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Shoe Care 101: Polishing shoes

Shoe Care 101: Polishing shoes

You will always look your best wearing top-quality artisanal footwear. But you want to make certain that your shoes always look their best, too. An expertly crafted pair of shoes will continue to look gorgeous, day-in and day-out, year after year. All it takes is a little polishing, and all that takes is a few simple steps and helpful techniques. (Note: don’t polish suede leather, which only needs to be cleaned and brushed)

Start with the Right Tools

Wipe dust and dirt from the shoes with a clean microfiber cloth. Use a cream-style polish, and apply it with a dauber−which is a small, soft-bristle brush that usually has a circular head and a wooden handle. In the absence of a dauber, you can just use a microfiber cloth. Use a larger, rectangular, soft bristle brush for buffing. Brushes with synthetic bristles tend to be slightly abrasive, so instead use those that are made with natural bristles like horsehair. Removes the laces, evenly apply the polish with the dauber in a thin layer, and set the shoe aside for a few minutes to dry. For extra protection or to hide scuffs, repeat the same process until you’ve added an additional layer or two.

Achieving a Shine

Using the larger buffing brush, light contact, and side-to-side motion, polish to the shoes to a low sheen. For a higher gloss and brighter, more reflective shine, follow up with a chamois cloth. Hold the cloth in both hands and rub back and forth in a fast, light, side-to-side motion. An electric shoe buffer is also a great gadget for shining shoes. Most of these machines will last for years, and they can buff and shine shoes in a matter of seconds.  They typically have two buffing wheels. One is black, for darker colored shoes, and the other is red, for lighter color leather. Buffers covered in lamb’s wool are ideal because they are soft but durable. There are hand-held electric buffers, too, and they are convenient for travel. But for a superior shine use the floor models.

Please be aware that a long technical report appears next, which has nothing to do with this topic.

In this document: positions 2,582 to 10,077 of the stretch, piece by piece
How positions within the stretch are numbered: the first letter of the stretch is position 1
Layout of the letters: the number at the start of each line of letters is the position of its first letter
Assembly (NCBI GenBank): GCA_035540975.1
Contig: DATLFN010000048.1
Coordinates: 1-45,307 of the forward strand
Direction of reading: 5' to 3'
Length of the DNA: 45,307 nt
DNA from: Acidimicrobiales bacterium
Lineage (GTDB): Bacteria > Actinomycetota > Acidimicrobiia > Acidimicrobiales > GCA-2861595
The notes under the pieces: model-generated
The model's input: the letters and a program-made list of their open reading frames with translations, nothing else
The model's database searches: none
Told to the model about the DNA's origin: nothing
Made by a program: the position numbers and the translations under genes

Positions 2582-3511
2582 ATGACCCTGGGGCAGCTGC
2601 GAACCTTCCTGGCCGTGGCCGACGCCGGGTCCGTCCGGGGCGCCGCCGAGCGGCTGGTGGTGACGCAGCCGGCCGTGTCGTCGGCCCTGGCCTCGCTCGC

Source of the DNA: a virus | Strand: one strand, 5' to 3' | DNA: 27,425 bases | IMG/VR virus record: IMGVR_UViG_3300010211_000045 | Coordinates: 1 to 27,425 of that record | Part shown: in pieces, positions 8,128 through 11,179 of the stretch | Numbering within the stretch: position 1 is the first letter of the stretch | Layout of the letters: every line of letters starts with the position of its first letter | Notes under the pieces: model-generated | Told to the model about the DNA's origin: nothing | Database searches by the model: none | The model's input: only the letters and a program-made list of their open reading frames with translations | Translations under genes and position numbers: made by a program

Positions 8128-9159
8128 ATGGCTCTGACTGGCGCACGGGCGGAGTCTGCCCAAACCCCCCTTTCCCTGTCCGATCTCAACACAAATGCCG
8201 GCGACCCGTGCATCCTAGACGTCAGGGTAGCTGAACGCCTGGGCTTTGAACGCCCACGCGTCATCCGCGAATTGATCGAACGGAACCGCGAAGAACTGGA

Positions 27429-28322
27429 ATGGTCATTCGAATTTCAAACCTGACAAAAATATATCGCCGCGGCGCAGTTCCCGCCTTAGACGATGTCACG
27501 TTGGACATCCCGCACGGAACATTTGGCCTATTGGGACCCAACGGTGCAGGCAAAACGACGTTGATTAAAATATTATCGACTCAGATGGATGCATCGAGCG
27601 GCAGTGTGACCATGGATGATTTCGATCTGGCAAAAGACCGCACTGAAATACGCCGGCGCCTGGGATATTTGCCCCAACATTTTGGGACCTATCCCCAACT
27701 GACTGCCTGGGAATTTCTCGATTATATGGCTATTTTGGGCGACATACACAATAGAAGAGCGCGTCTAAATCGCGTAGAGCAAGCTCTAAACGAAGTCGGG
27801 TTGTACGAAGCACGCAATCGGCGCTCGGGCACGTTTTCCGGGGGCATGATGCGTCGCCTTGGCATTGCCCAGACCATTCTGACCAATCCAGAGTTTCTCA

Avoid Stains

After using a dauber, wipe off the excess polish with a paper towel. Shoe polish will leave a permanent stain, and can also be hard to wash off of your hands. Spread an old but clean towel or painter’s cloth on the floor, table, or work bench. So you don’t stain your hands, wear disposable latex gloves that you can just peel off and toss in the trash once you’re done. You don’t want to wear your good clothes, either. Clothes that you might wear to paint a room or work on your vehicle are the right choice, and you can also wear a work apron.

Storing Your Gear

You can reuse your brushes and cloths, but only on the same color leather. You should ideally have a separate set of brushes and cloths for each different color of shoes or boots you own. Otherwise you run the risk of staining a shoe with the wrong color. Don’t store polish in an outdoor garage or other space where it might be subject to freezing temperatures.

Polishing your shoes is actually an old-school, hands-on skill that can be very satisfying. You’ll probably find that instead of it feeling like chore, it becomes a ritual that you look forward to doing from time to time.
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